The other thing that I didn't show here - as I was talking to some of you during the break - there are some funny things happening at reCaptcha. We started the biggest debate on the internet about what is a burger, what is a sandwich. People love to argue about those things. Or is a cupcake a cake? Those kind of discussions. So doing those, we want a lot of internet love for reCaptcha.

To conclude, my whole talk, reCaptcha is making continuous effort to fight spam on the internet. We're making the internet a better experience for all human users. We're also pushing the boundaries of research and making AI smarter.

“Killing Google With My Bare Hands” and Other Lessons Learned in Scaling with Jack Levin

©Robert Wright/LDV Vision Summit

©Robert Wright/LDV Vision Summit

Jack Levin was an early employee at Google and later started ImageShack, and is most recently at Nventify. In his keynote at the 2016 Annual LDV Vision Summit he spoke about his perspective going back to the early days of Google up to today. Tickets on sale now for the upcoming Annual LDV Vision Summit.

I was privileged to be at Google from 1999 to 2005, essentially in the beginning of my career. I was twenty three or twenty four years old when I started.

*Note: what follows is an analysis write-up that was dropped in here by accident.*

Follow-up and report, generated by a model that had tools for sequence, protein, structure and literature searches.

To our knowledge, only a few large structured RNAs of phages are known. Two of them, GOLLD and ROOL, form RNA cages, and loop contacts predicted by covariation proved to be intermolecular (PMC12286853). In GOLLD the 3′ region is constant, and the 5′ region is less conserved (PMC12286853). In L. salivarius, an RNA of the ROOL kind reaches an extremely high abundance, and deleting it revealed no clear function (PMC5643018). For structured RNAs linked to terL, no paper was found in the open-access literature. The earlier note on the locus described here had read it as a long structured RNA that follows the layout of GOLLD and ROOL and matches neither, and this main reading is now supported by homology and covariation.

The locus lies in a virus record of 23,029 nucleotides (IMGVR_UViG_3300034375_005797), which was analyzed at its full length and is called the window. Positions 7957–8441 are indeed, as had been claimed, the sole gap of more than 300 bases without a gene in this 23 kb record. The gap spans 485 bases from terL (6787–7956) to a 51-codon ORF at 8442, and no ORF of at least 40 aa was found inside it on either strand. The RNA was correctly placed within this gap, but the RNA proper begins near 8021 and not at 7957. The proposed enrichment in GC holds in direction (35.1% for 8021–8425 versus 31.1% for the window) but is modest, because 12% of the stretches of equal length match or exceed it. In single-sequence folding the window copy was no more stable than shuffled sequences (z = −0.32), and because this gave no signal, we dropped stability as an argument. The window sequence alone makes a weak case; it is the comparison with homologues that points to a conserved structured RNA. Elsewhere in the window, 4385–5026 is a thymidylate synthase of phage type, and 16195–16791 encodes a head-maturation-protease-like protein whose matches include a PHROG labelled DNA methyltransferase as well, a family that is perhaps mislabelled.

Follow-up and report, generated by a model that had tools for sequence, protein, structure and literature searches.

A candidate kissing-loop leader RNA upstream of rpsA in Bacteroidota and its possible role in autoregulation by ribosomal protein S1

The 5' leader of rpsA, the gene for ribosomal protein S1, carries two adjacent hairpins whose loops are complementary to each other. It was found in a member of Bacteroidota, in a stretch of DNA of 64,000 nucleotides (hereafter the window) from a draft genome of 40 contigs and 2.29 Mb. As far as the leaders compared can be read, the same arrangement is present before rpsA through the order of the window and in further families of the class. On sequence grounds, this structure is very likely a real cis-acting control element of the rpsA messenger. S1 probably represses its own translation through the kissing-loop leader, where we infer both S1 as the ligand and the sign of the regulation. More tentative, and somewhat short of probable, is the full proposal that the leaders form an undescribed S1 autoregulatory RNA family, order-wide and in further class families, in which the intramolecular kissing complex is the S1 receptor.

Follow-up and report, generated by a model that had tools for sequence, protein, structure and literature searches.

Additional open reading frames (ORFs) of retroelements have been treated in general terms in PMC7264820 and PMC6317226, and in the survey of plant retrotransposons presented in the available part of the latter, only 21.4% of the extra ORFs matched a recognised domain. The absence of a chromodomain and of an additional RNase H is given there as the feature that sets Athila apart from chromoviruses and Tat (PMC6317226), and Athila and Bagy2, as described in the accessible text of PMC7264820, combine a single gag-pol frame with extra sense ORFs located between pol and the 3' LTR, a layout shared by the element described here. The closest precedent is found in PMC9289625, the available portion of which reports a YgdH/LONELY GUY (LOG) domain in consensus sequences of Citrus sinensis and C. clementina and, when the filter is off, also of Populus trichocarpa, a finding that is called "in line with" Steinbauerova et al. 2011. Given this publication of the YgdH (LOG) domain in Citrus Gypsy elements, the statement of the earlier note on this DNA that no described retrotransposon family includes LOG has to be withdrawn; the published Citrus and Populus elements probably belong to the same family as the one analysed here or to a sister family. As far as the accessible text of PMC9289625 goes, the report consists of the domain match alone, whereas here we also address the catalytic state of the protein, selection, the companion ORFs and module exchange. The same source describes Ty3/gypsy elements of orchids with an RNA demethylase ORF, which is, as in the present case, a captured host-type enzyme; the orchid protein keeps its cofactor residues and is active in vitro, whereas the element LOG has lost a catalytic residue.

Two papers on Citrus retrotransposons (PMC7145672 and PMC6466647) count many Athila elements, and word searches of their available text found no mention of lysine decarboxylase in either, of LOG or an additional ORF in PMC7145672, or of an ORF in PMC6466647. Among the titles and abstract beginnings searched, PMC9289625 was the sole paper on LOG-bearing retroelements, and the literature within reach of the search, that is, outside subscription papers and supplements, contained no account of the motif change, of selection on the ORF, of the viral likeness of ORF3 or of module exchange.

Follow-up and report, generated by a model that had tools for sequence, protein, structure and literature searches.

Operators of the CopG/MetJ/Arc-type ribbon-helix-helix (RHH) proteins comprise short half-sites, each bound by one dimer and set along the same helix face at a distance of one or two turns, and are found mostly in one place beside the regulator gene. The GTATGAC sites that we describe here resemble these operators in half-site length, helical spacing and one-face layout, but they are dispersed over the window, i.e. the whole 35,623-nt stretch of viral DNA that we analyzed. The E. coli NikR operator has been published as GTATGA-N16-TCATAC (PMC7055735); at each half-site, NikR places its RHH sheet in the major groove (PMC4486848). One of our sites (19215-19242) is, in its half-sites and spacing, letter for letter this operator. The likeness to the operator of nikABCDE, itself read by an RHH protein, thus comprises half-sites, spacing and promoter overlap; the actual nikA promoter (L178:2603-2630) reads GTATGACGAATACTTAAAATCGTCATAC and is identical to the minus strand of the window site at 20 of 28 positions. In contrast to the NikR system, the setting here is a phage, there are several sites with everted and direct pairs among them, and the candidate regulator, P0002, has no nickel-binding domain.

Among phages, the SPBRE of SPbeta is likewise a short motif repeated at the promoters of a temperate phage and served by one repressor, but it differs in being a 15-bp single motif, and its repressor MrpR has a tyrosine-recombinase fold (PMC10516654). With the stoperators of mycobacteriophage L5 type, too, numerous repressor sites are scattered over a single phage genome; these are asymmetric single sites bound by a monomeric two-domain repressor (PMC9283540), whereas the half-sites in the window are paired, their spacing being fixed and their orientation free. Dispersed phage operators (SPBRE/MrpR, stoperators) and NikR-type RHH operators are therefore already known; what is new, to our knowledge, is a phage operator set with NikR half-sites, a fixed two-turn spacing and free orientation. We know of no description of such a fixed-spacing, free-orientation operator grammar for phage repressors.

I'm here to talk about scale. What it means, how to actually scale large systems, and not essentially burn yourself and your infrastructure out. So after Google, I did spend some time running a company called ImageShack doing about two billion web hits a day, which was a pretty good scale story in itself.

©Robert Wright/LDV Vision Summit

©Robert Wright/LDV Vision Summit

So that picture is actually a rack that I built myself. It happens to be in a computer history museum in Mountain View. You can see that little label there, "JJ 17". I put that label there, it has some of my blood DNA because, as you can see, this thing is a mess and I would often scratch my hands on that network card right there. So that was my first day at Google, essentially went into the data center, had to wire all of this, bring it online, and a week later we needed to launch netscape.com, which was the first really big client for Google.

Three hundred servers, but then the next week it was plus another two thousand, which was crazy. I had no idea what I was supposed to be doing, Larry Page said, "Hey, here's a bunch of cables, plug them in, you're good to go." That was the story for the first couple years, a few years forward, that's when I stopped going to the Data Center because it was a team of twenty five people managing all of this.

So that's the second or maybe third generation of uber-racks. Tons of hardware, a lot of kilowatts being consumed, a lot of heat being generated, but a lot of queries being served.